THE ‘BIG BLOW’ HIT 60 YEARS AGO TODAY

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On the morning of Friday, October 12, 1962—Columbus Day—a
massive storm hit the coast of northern California. The storm had originated several days earlier in the Pacific Ocean, about five
hundred miles north of Wake Island. 

Re-energized by a combination of unusual meteorological
conditions, the storm moved north with the gathering force
of a Category 3 hurricane. Originally named Typhoon Freda by meteorologists and called the Big Blow by many, it may have
been the most powerful extratropical cyclone ever to hit the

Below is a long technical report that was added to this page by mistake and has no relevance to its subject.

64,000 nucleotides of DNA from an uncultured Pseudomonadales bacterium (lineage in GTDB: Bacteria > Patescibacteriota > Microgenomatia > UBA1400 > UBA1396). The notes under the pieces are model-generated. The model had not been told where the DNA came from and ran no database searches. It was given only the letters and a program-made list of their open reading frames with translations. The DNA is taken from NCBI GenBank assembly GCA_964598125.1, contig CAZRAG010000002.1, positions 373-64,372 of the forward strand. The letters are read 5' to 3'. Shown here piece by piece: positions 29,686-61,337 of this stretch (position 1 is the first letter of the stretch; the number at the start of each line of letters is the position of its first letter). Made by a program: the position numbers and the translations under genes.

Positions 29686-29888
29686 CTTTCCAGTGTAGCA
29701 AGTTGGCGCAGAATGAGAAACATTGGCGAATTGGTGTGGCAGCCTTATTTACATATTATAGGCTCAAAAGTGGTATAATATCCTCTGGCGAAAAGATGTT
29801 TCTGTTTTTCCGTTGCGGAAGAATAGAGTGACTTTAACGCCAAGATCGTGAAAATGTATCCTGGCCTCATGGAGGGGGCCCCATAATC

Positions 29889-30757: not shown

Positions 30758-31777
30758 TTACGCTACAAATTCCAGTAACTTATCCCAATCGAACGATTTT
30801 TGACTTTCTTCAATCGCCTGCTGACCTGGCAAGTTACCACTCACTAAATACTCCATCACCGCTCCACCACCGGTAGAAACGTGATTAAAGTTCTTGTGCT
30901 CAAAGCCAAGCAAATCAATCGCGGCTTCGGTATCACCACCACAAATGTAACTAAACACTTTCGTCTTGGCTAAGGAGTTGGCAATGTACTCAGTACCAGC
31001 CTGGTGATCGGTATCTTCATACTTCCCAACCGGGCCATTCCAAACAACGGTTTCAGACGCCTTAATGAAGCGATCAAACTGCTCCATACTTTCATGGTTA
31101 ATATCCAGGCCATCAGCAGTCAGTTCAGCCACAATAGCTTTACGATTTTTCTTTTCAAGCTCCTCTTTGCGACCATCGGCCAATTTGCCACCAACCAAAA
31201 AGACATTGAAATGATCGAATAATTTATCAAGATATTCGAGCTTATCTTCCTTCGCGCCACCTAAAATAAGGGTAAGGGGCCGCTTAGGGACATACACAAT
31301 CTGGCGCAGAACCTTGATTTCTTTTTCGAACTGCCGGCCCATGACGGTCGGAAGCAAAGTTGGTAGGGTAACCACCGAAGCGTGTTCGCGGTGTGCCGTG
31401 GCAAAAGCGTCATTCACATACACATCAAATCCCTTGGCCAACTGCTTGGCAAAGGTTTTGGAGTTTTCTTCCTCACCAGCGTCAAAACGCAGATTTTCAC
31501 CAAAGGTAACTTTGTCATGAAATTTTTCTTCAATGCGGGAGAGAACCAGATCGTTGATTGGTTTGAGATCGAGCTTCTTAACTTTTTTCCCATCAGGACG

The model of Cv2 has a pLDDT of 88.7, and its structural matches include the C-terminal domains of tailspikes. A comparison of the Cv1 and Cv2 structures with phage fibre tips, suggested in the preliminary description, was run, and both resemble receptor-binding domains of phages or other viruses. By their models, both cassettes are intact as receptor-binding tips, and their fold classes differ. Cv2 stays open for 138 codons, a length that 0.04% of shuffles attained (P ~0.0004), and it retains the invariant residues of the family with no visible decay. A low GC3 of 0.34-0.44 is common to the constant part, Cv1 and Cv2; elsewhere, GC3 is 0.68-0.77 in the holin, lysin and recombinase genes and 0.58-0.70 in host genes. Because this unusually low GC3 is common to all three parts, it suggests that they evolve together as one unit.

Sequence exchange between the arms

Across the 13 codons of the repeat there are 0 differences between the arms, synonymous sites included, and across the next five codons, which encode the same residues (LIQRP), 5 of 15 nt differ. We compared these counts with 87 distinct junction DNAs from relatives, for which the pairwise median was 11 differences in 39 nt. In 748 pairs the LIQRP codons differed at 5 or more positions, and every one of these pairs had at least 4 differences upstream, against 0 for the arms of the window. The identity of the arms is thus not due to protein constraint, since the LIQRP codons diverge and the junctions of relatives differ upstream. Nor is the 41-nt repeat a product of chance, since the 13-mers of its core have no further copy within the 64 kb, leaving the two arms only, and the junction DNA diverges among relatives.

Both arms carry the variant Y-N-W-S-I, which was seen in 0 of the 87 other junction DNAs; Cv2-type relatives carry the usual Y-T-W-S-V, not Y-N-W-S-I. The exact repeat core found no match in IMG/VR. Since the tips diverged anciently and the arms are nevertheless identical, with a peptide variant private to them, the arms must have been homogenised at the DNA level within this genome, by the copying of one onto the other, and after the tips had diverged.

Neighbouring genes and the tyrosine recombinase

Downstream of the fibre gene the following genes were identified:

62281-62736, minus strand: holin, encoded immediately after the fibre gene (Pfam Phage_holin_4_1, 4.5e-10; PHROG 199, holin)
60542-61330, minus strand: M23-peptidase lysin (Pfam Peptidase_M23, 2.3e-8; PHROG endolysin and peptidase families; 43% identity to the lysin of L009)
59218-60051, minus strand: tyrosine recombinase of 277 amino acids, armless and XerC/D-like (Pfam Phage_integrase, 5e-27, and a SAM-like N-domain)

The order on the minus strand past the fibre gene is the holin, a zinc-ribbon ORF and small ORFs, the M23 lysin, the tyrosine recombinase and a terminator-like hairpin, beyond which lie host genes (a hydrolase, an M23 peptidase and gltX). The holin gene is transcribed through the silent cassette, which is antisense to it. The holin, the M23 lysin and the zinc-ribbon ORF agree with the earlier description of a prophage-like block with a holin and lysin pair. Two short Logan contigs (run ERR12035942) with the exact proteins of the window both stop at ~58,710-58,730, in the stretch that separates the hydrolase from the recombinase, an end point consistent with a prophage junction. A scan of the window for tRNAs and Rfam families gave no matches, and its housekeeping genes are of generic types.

western United States.

Oregon experienced the full brunt of the typhoon and suffered
more damage than any other state. In addition to substantial
damage to thousands of buildings— residential, commercial,
and civic—and to miles of power lines, the severe winds
toppled countless trees in western Oregon’s forests.

The storm outranks all other natural disasters in the state in
terms of destruction and cost, including the 1903
Heppner
Flood
. 

The intense winds left over a million people in Oregon without
electrical power, some of them for weeks.

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Damage in Junction City.

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Jim Johnston of Portland stands next to storm damage of his home.

posted by Bob Karm in ANNIVERSARY,DEATH,Disaster,Historical Society,HISTORY,NEWSPAPER,PORTLAND'S PAST,Storm and have No Comments

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